Conor McGregor Q&A: Fighting for Ireland, moving up in weight, more
Saturday night in Las Vegas, the Conor McGregor World Tour plays a Big Room yet again. The UFC’s hottest act gets back in the Octagon, less than three months after winning the featherweight belt. Then again, when you fulfill your prediction, as McGregor did, and win your fight in mere seconds—13, to be precise—a long lay-off isn't in order.
In the main event of UFC 196, McGregor will take on Nick Diaz at 170 pounds. While it’s not the lightweight championship fight that was originally scheduled and McGregor’s bid to become to the first duel weight champion in UFC history—whenever this guy fights, it’s an event.
Jon Wertheim: Broad question to start, but what's it like to be you these days?
Conor McGregor: What it's like to be me? You know, it's good to be me. My life is good. I'm living good. I'm eating pretty good these days. As you see, I walk the streets, and everyone is full of support and praise and looking to take pictures and sign things. It's very proud for me to have the support of my people. So it's good to be me.
CM: Yeah, 100%. The more you seek the uncomfortable, the more you will become comfortable. I always put myself out there. I'm not afraid to commit to something. People, they see things in their mind, they have a picture of what they feel will happen, but they keep it quiet in the hope that maybe it just will happen. I feel that's a fear, and that's a fear that will make that come up short. I am not afraid of saying something and going and pursuing it. That's it. I see it in my mind. I say it out loud. I go and do it.
JW: What some people call trash talk, to you that's truth?
CM: Yeah, trash talk, again, it's an American term. I don't really understand it. I see a shot. I see how my opponent defends himself. I see how he attacks. I see how he retreats, how he moves forward. I recognize what I have in my locker that will connect clean on his chin, and that is it. I let him know. I let the world know. Then I put it in a timeframe. Then I go out and do it.
JW: What does being from Ireland inspire in a young fighter?
CM: You know, we are built tough. I always say it's rock chains bred on this side. There are rock chains over here! You can't just beat an Irishman with something, you know. You must come with everything to stop an Irishman. And even then, that's not enough, so...
You know, we are built tough. We come up tough. We are raised to fight.
CM: The first collision I think is the best feeling. You know, when there's no restrictions, the shins are bare, the feet are bare, the gloves are small. It's as pure as you can get it in a combat situation.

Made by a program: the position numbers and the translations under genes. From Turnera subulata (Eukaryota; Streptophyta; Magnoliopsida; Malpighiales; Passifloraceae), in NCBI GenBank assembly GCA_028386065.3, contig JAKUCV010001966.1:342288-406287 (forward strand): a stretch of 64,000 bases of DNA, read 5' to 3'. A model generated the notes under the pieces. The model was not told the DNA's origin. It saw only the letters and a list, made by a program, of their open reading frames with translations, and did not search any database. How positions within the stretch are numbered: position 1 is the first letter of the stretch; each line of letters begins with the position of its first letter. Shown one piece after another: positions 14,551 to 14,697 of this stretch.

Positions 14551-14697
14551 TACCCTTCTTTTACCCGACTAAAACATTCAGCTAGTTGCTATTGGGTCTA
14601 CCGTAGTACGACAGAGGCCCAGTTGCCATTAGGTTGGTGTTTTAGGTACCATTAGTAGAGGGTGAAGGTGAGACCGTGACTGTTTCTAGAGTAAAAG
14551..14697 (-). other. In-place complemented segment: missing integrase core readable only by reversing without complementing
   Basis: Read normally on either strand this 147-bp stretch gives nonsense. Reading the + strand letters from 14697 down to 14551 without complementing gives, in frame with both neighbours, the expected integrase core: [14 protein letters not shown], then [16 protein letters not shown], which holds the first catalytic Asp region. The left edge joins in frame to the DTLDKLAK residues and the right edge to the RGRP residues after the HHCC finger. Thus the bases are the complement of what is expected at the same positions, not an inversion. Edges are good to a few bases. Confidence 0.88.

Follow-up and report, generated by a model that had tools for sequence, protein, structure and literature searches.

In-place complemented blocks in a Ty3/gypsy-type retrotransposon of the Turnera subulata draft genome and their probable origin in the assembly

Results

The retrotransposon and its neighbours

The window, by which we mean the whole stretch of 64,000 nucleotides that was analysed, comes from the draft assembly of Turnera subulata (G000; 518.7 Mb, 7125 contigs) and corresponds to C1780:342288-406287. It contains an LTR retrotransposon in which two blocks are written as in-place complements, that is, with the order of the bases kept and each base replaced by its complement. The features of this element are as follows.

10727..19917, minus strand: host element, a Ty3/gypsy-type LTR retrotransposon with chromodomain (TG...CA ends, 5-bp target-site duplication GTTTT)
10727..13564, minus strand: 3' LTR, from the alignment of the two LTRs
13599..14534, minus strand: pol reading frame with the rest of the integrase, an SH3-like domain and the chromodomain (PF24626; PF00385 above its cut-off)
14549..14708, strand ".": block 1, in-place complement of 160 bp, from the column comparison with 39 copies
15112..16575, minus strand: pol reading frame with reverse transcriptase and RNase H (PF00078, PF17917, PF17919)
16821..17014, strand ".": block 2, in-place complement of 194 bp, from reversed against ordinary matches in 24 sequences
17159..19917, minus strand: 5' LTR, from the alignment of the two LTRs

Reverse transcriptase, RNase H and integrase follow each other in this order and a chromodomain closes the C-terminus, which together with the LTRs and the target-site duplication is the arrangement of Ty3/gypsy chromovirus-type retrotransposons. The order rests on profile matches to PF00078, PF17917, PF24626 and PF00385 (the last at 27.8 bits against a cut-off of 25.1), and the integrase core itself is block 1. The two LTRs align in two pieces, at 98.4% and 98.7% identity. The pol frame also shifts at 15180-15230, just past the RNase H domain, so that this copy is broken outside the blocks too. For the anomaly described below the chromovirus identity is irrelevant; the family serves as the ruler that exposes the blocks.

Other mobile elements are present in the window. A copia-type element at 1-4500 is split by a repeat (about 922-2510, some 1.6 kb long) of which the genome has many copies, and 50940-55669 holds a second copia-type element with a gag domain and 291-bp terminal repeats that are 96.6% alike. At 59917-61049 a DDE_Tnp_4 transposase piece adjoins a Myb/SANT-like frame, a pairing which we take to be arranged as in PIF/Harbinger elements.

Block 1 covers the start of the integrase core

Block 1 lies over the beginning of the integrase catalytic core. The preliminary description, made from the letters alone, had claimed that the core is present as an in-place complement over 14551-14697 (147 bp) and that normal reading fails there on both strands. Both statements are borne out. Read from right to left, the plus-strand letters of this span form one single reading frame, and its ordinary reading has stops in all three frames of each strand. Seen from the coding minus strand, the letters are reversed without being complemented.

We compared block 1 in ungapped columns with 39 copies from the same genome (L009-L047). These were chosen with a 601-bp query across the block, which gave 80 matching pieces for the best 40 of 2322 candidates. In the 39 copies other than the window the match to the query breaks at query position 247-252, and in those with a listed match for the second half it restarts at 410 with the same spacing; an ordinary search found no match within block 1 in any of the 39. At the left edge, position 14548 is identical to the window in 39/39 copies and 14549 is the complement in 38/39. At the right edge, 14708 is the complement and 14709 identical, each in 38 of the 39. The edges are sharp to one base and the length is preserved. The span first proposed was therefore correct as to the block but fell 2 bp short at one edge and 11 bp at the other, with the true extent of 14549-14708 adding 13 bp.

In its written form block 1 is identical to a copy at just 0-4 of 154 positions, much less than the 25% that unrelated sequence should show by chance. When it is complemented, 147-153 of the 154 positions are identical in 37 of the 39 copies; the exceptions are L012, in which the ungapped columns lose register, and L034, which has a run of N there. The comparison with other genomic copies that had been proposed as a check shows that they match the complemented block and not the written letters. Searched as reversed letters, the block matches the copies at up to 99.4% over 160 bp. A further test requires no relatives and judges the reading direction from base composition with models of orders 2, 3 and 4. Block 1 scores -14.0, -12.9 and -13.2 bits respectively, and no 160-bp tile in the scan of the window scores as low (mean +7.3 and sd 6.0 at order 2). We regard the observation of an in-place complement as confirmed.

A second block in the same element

It's legal. It's clean. It's a very highly competitive sport. There's so much adrenaline. The forced exchange means a hell of a lot in combat. For me, that first collision where there's no one to say, 'Go soft,' there's nobody holding you back, it's just go. That for me is a beautiful feeling.
JW: You've been outspoken in saying that you want to put your nation on the map. You're very outspoken in saying you want to do this. Why?You know, again, before I came on the scene, there was no Irishman here, you know. The UFC is the pinnacle, like the World Cup, the number one promotion, the number one company in true fighting.
I looked around and saw we had great representatives in boxing. We had great representatives in kickboxing. We had some talented Olympic champions in kickboxing, even in boxing. In true fighting, fighting as a whole in its purest legal form, we weren't even on the map. There was not one of us in there. So I set out to be that person, to be the first, to be the best, and to lead the way for my country, to educate my country on what true fighting is. Because now everyone knows what true fighting is. Now everyone knows that fighting isn't just as simple as it looks. It's a lot more complex. There's a lot more to it. But just as early as two years ago, nobody really knew that, so... I set out to do it and I done it.
JW: Was there ever a moment maybe earlier in your career or before that when you knew you had the ability to be great? Is there something you can pinpoint?
CM: I think anybody that really focuses on an obsession and allows it to take over every aspect of their life will succeed in that particular obsession. I just figured out that that was what will happen. So if I gave my all into this game, if I put everything into the fight business, then I would eventually rule the fight business. That's where we are right now.
JW: What do you say to people that say, ‘Why go up in weight, why mess with a good thing?’
CM: You know, I could have chosen an easy contest. I could have stayed in the division. But really what else is there to do? I have beaten everyone in the 145-pound division. Jose was the longest reigning champion. He is the only champion in the 145-pound division. He was the pound-for-pound No. 1 on the roster. He had beaten everybody. I had beaten everybody. Then I beat him in 13 seconds.
There's no one really there just yet. I'd like to see a couple of them throw down and look to build that interest back up again. That's what I should feel with the featherweight division personally. I feel they should compete now. There should be no sitting and waiting and begging for me to come and say, I'll give you a fight. He must work. True champions, they fight, compete and they work.
JW: What scares you?
CM: No. I mean, I don't really have time to think about something that would scare me. I simply show up and I work and I keep positive. That's it.